Budget 2021: R791.2bn for investment in infrastructure
The economic recovery plan announced in October last year prioritised infrastructure spending to support the economy in the short term. In 2020/21, the public sector spent about R226.1bn on infrastructure, an increase of 20.6 percent over the previous year.
However, according to the Budget Review yesterday, the government does not have sufficient financial resources to meet growing infrastructure needs. Collaboration with business labour and civil society is being sought.
Mboweni said the user pays principle would be applied to infrastructure, that the projects would be financed through blended finance models, and that communities should change their thinking, so that infrastructure such as schools and police stations were not destroyed.
Examples the finance minister cited of such projects were the upgrade and expansion of the six busiest ports of entry, with the public-private-partnership model that would see the government, companies and development finance institutions working together to develop these projects.
He said “One-Stop-Border-Posts” would be developed, starting with Beitbridge between Zimbabwe and South Africa, which was built in 1929, and last upgraded in 1995.
According to the Budget Review, road infrastructure was the largest spending programme in the infrastructure development function.
Total expenditure was expected to grow annually at 8.2 percent from R86.5bn in 2020/21 to R109.5bn in 2023/24, largely due to underspending on these projects in 2020/21.
Adding to the outlook for further infrastructure development, all government capital programmes had been protected from budget reductions.
Spending on national water resource management was expected to grow from R28.6bn in 2020/21 to R30bn in 2023/24. Planned water expenditure over the medium term included phase 2 of the Lesotho Highlands Water Project and the Mokolo Crocodile Water Augmentation Project.
Capital investment by the public and private sectors amounted to 17.9 percent of gross domestic product (GDP) in 2019, but this needed to increase.
Public finances had deteriorated, mainly due to low growth and tax revenue, and the need for increased support for state-owned companies. This had threatened the government’s ability to invest in new infrastructure.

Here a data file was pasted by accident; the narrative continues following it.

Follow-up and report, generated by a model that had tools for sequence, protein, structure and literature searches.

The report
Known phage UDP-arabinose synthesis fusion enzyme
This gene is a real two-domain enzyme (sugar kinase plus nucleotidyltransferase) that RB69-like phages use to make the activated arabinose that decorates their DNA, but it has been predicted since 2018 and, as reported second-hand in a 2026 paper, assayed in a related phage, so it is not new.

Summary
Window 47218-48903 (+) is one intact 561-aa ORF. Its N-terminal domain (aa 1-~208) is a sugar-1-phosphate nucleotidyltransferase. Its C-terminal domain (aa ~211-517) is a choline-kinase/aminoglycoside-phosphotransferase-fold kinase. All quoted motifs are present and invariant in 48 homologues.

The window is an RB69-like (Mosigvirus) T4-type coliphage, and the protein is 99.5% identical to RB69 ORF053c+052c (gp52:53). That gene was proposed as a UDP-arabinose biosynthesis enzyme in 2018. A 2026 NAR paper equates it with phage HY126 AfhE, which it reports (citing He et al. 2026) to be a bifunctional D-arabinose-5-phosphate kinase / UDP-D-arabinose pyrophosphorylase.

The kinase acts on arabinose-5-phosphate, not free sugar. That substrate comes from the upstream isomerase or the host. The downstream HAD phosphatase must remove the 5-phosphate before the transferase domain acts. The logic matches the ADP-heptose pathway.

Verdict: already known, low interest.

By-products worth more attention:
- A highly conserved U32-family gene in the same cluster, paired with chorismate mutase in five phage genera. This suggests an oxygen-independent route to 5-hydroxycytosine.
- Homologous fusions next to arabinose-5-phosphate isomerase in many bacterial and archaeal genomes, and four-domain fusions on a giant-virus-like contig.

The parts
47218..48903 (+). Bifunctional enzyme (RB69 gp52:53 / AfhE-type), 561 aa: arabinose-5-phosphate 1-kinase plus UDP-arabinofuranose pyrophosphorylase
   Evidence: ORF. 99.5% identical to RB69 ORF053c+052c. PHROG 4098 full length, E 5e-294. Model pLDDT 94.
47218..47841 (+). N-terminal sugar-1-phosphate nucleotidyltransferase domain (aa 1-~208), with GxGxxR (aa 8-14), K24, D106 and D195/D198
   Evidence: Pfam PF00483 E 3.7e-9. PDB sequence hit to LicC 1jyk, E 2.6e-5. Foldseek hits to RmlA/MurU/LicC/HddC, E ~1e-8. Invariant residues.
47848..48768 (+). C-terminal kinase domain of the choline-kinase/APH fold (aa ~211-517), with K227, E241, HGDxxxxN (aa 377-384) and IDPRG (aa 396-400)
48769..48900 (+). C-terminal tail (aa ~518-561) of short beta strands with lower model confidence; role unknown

The National Development Plan, however, targets capital investment of 30 percent of GDP.
“To reach that goal, public-sector investment will need to grow from 5.4 percent of GDP in 2019 to 10 percent by 2030, while private-sector investment in infrastructure would need to grow from 12.5 percent of GDP in 2019 to 20 percent in 2030,” the National Treasury said.
State-owned companies would be the largest contributor to capital investment, spending a projected R293.7bn over the next three years.
Provinces were expected to spend R181.9bn on infrastructure over the same period, while municipalities were forecast to spend R190.8bn.
Public housing built through the human settlements development grant in provinces was expected to total R41.7bn.
Spending on economic infrastructure, mainly by State-owned companies, accounted for 78.2 percent of the medium-term estimate. These funds were being used to expand power generation, upgrade and expand the transport network, and improve sanitation and water services.
Social services infrastructure accounted for 18 percent of the total, of which health and education account for 5 percent and 7 percent, respectively.
The government was transforming its approach to the planning and implementation of capital projects, bringing in more private-sector expertise, while increasing the resources available to fund infrastructure.
The Department of Public Works and Infrastructure is working with the Infrastructure and Investment Office in the Presidency to build a pipeline of infrastructure projects.
Fifty strategic integrated projects were gazetted in 2020 in terms of the Infrastructure Development Act, with an estimated combined capital investment value of R340bn.
To achieve water security, South Africa needed to close an estimated capital funding gap of about R33bn a year for the next 10 years through cost-reflective tariffs.
At present, governance structures were weak, cost recovery was low, and institutional and regulatory frameworks were inadequate.
Eleven strategic water projects of about R105bn had been prioritised, and were expected to create about 20 000 temporary jobs during construction and 14 000 jobs when operating.
Projects ready for investment include: Lesotho Highlands Water Project Phase 2, uMkhomazi Water Project, Berg River Voëlvlei Augmentation Scheme, and Mokolo Crocodile River Water Augmentation Project Phase 2.
Three energy projects had been gazetted: the Emergency/Risk Mitigation Power Purchase Procurement Programme, the Small Independent Power Producer Programme and the Embedded Generation Investment Programme. These would create 2 569 megawatts of electricity generating capacity. Total investments, to be funded by the private sector, amounted to R52.4bn.
The transport sector had 15 gazetted projects worth R47bn.
The South African National Roads Agency Limited would develop 13 roads projects worth R19bn, which would create nearly 10 000 jobs during construction.
The Small Harbours Programme, which sought to revitalise harbours in the Western Cape and develop new harbours in the Northern Cape, Eastern Cape and KwaZulu-Natal, was expected to create 5 750 jobs.
Human settlements projects include six Integrated Residential Development Programmes, 10 social housing projects and two large-scale privately led developments.
The 18 projects gazetted had an investment value of R129bn and would provide housing for more than 170 000 people. These projects were projected to create more than 358 000 jobs during construction and more than 55 000 jobs during operation.
Courtesy of IOL – full article here